A fascinating study proves that fatigue in endurance is nothing more and nothing less than quitting.
The design was simple, but the results were profound. Samuele Marcora, an Italian-born exercise physiologist at Wales’ Bangor University, and his colleague Walter Staiano brought 10 male athletes into their lab and had them perform a simple exercise protocol. Each pedaled on a cycle ergometer as hard as he could for 5 seconds (a test of maximal voluntary cycling power, or MVCP), and his power output was recorded. Then the subjects rode the same bikes as long as they could at a fixed power output level that corresponded to 90 percent of their individual VO2 max. Immediately after completing this ride to exhaustion, which ended when the required wattage simply could not be sustained any longer (or approximately 12 minutes, on average), each subject then repeated the 5-second maximum power test.
Marcora and Staiano found that, on average, power output in the second 5-second MVCP, performed in a state of exhaustion, was roughly 30 percent lower than the power produced in the first MVCP, performed in a fresh state. Yet the power output in the second MVCP was still roughly three times greater than the power that each cyclist was required to maintain in the ride to exhaustion.
Wait a minute: If the subjects cycled at roughly 242 watts until they physically could not complete another pedal stroke at that level, how were they able to pedal at 731 watts for 5 seconds immediately afterward?
Marcora and Staiano’s answer to this question could not be simpler, yet it completely shatters the concept of endurance fatigue that most of us believe in. In a paper on their study published in the European Journal of Applied Physiology, they wrote:
It is traditionally assumed that exhaustion during high-intensity aerobic exercise occurs because fatigued subjects are no longer able to generate the power output required by the task despite their maximal voluntary effort…We have demonstrated for the first time that this is not the case… [I]f our subjects were able to voluntarily produce 731W for 5s immediately after exhaustion, they must have been physiologically able to produce 242W for much longer. The most likely explanation for the very high MVCP produced immediately after exhaustion is psychological. Subjects knew that the final MVCP test was going to last only 5s, and such knowledge motivated them to exert further effort after the time to exhaustion test which had a longer and unknown duration.
As intuitively sensible as this explanation is, it is scientifically revolutionary, as it supposes that the true cause of endurance fatigue is perception of effort (i.e. psychological suffering), whereas perceptions are traditionally seen as having no causal force in exercise physiology.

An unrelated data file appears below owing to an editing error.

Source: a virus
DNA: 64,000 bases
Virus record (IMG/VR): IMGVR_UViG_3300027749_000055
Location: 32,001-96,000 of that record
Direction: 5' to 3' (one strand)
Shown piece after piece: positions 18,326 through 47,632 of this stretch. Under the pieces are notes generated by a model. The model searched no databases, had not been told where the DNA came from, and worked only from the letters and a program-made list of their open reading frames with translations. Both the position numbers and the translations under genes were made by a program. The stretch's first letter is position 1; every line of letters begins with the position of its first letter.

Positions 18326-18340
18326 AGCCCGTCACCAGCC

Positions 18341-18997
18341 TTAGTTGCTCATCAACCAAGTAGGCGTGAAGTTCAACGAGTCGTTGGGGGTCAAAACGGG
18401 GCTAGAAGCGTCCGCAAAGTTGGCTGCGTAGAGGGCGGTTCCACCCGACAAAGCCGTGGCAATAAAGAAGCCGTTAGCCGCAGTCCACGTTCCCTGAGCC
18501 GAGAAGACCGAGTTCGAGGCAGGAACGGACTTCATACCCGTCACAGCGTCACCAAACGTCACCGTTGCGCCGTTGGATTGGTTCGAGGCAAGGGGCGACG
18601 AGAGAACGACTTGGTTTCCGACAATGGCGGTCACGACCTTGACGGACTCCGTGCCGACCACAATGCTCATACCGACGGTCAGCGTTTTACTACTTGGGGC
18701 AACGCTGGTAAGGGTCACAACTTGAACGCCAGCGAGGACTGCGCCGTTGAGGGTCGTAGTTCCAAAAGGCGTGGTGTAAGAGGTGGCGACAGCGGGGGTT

In 2010, I spoke to Dr. Samuele Marcora about the broader implications of his provocative new study. Here is the transcript of that interview:
You propose to replace the conventional model of endurance fatigue, which centers on the muscles and the cardiovascular system, with what you call a psychobiological model of endurance fatigue. Please explain that.
My proposal is actually based on general motivation theory. What we call exhaustion is not the inability to continue; it’s basically giving up. The reality is that the neuromuscular system is actually able to continue. My idea is that it’s basically a safety mechanism like many other sensations. So you have sensations motivating you to take a certain course of action for survival. Think about thirst or hunger or pain. All these sensations are there to make us do something. That is actually beneficial for our survival, and I think perception of effort does the same.
There’s this idea that perceptions are mere perceptions and can be overridden through conscious will in a way that purely physiological limitations cannot. Have you encountered resistance to your model on this point?
My physiology colleagues think that because something is a perception, in some way it is less real and can be overcome. Obviously, it can be overcome to a certain extent, but that doesn’t make it any less powerful. That’s why people believed this assumption [that fatigue is caused by hard physiological limits] for so long, because it feels like that. The perception of effort makes you feel like you can’t continue. You feel, “I am giving my maximal effort. I feel I cannot continue. Therefore I’ll stop.”
If you think about pain, pain is created in your brain based on a certain signal such as a broken foot. If you didn’t feel that pain, of course you can keep going. There are people who genetically don’t feel pain and they usually die quite young. Just because something is a perception doesn’t make it any less powerful in controlling your behavior. If you are very thirsty you might kill somebody for a glass of water. You wouldn’t keep running if you ran over a piece of glass and cut your foot. If you didn’t have perception of effort, you could run your marathon much faster, definitely!